Wednesday, January 30, 2008

Molan: MGO Level Not Good Indicator of Honey’s Antibacterial Activity

The representation of the antibacterial activity of manuka honey as the level in it of the active component MGO would be very misleading for consumers. A paper ("Isolation by HPLC and characterisation of the bioactive fraction of New Zealand manuka (Leptospermum scoparium) honey”) recently published in the journal ‘Carbohydrate Research’ by members of the Chemistry Department at the University of Waikato shows clearly that the level of MGO does not give a good indication of the antibacterial activity of the honey. Although it is the component responsible for the activity, complex interactions with other components of the honey cause the actual antibacterial activity that results from it in the honey to vary.

The graph shown in the published paper of MGO plotted against antibacterial activity shows that for example, a level of 50 for MGO corresponds to an antibacterial activity of UMF5, but a ten times higher level of MGO, 500, corresponds to only a five times higher antibacterial activity (UMF25, not UMF50 as may be expected). The graph also shows a lot of scatter of the data, meaning that even for a single stated level of MGO the actual antibacterial activity can very quite a lot.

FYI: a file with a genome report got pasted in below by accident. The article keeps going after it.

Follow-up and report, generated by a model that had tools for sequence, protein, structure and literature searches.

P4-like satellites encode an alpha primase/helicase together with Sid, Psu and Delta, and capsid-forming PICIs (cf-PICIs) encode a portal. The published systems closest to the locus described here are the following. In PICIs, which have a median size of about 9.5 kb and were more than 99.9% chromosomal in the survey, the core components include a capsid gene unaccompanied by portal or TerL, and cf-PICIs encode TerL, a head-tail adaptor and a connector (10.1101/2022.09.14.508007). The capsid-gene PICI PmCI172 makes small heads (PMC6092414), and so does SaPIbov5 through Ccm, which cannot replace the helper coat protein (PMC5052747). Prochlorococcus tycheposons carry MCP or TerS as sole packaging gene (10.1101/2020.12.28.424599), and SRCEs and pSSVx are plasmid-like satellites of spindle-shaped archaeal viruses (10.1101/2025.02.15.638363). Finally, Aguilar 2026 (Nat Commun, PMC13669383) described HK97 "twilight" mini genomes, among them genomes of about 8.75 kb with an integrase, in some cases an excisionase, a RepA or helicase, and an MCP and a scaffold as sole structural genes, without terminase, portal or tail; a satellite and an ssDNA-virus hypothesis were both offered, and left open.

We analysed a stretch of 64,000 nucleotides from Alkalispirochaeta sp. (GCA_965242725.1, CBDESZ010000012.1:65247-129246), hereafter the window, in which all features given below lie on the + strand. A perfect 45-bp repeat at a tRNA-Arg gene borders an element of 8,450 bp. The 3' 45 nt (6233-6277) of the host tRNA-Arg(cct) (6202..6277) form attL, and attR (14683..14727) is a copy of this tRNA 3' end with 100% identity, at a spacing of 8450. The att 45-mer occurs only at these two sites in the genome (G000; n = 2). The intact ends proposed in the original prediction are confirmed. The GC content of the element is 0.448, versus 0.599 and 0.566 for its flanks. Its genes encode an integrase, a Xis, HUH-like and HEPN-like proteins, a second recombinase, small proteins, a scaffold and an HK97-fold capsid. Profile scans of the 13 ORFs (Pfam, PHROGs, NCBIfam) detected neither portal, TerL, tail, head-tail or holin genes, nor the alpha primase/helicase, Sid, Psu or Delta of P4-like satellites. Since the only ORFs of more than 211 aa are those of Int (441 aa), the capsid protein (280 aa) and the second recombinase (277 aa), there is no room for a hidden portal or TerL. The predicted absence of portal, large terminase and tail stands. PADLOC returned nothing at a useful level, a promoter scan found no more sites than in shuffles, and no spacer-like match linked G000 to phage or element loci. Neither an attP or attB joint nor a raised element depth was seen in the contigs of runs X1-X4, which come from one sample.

The currently used rating system, UMF, measures the actual antibacterial activity of each batch of honey, tested against Staphylococcus aureus, the species of bacteria that is the most common cause of wound infections. It is a very good way of showing the antibacterial activity, has been in world-wide use for many years, and has been relied on for many research papers that have been published on the antibacterial activity of honey, and relied on for a very large amount of clinical treatment with manuka honey.

Because the level of MGO is an unreliable indication of the level of antibacterial activity and can be very misleading, I can see no advantage for it to be used to indicate antibacterial activity other than if someone wanted to fool the consumer into thinking that the higher levels of MGO are giving them a level of antibacterial activity that is far higher than they are really getting.

Dr. Peter Molan
Professor in Biological Sciences & Director of the Honey Research Unit
University of Waikato
Private Bag 3105
Hamilton 3240
New Zealand

Telephone +64 7 838 4325
Fax +64 7 838 4324

Visit the Honey Research Unit on http://honey.bio.waikato.ac.nz/

2 comments:

Manuka said...

It is interesting to see what is going on there is obviously some chemical compound in there but I don't think extracting this into a drug is going to help anyone.
The bacteria won't take long to resist against it there is obviously some synergistc activity going on in the Manuka Honey .
Is there still an U(unidentified) MF?

Manuka Honey Benefit said...

"I can see no advantage for it to be used to indicate antibacterial activity other than if someone wanted to fool the consumer into thinking that the higher levels of MGO are giving them a level of antibacterial activity that is far higher than they are really getting."

I think Dr. Molan makes a good point as the average consumer will look at the numbers and naturally think that MGO 100 is better (because it is a larger number) than UMF 10+ so they will choose that particular brand.